This post is an excerpt from my new book with Alan Hirsch, On The Verge: A Journey Into the Apostolic Future of the Church


Growing Missional Leaders – Practical & Helpful!

Growing Missional Leaders My friend Matthew Smith has written a very practical and helpful guide for Growing Missional Leaders.  As the church in North America awakens to original intention to be a missional church there is more and more being written on this topic.  One of those books that you may not have heard about is Growing Missional Leaders.  Within this three-word title Smith has identified the most important challenge for the North American church in the twenty-first century.

Growing

The Kingdom of God is meant to grow.  Like a mustard seed it may start out small, but in time will grow into a large shrub that will reproduce and can overtake a whole countryside. Growing Missional Leaders is a book designed to help grow the Kingdom.  The real-life stories will motivate you to grow as a follower of Jesus.  The discussion questions will challenge you and your leadership team with introspection and application encouraging you to take the next step.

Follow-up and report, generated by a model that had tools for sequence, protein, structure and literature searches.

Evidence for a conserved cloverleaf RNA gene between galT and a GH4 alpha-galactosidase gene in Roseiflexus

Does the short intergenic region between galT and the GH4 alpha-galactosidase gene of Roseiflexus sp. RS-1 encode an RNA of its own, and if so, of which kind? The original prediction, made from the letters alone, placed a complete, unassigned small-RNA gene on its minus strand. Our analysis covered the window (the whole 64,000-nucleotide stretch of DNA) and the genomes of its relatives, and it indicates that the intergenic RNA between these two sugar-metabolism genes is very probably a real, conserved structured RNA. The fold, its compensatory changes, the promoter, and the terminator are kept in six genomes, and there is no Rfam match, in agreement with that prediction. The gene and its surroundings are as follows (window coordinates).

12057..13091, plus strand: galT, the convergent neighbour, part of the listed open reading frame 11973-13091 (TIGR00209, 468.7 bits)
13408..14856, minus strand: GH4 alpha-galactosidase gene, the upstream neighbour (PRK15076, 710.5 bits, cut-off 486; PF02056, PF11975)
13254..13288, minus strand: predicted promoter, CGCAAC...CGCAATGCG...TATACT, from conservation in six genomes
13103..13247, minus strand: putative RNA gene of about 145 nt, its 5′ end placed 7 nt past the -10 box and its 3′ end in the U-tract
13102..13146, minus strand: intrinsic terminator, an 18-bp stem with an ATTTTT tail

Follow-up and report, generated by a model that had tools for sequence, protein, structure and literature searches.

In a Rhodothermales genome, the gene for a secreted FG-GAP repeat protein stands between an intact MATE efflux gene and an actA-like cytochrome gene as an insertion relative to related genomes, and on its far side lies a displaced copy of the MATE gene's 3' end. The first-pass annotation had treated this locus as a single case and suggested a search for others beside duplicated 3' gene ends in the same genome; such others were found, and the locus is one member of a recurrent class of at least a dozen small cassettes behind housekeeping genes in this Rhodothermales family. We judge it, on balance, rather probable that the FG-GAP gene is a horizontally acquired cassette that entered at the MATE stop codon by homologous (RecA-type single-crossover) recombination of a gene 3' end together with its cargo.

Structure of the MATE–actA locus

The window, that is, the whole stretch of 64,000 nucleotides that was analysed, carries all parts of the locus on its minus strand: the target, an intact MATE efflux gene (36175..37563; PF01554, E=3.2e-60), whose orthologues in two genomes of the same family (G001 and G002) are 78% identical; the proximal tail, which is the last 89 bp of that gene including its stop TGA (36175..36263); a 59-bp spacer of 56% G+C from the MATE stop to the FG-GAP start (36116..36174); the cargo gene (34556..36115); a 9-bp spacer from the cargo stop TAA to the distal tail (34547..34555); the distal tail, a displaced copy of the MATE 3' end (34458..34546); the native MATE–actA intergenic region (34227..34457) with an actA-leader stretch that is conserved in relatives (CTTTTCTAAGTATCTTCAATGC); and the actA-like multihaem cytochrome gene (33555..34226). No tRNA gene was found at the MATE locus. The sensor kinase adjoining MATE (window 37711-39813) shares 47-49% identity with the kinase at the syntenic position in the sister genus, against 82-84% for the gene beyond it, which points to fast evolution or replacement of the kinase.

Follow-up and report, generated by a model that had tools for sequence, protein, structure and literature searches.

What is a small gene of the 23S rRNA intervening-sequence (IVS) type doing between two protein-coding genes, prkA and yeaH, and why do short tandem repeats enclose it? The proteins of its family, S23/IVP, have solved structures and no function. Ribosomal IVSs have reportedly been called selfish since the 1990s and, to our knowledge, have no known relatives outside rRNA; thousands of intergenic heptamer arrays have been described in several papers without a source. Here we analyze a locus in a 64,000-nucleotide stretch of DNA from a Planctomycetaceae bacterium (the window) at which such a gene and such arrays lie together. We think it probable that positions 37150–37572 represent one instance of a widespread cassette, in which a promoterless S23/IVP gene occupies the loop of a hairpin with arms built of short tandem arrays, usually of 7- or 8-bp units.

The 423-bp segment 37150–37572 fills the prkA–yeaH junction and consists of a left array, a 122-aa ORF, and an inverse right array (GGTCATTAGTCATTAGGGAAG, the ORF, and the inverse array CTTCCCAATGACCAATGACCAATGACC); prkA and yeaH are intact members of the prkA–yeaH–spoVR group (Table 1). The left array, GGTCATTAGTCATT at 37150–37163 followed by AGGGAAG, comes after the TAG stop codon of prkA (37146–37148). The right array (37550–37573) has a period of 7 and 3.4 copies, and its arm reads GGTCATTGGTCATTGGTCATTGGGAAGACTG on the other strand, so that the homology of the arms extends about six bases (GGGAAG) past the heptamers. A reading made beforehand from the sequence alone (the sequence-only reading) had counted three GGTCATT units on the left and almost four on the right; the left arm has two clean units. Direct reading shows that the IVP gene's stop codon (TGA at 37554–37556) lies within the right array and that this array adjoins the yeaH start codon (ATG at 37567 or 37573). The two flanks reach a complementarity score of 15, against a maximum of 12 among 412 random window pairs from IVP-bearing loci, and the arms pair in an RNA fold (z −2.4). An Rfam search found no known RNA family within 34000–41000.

Missional

Missional is more than the latest buzzword in Christian leadership circles. Mission is what motivated God to send His people to be a blessing to the rest of the world.  Mission is what caused the Father to send his Son to a lost and dying world.  In the pages of this book you will feel Matthew Smith’s passion for mission.  He understands that every person’s eternity is at stake and the dream of God for all mankind is in jeopardy unless we accomplish the mission of Jesus.

Leaders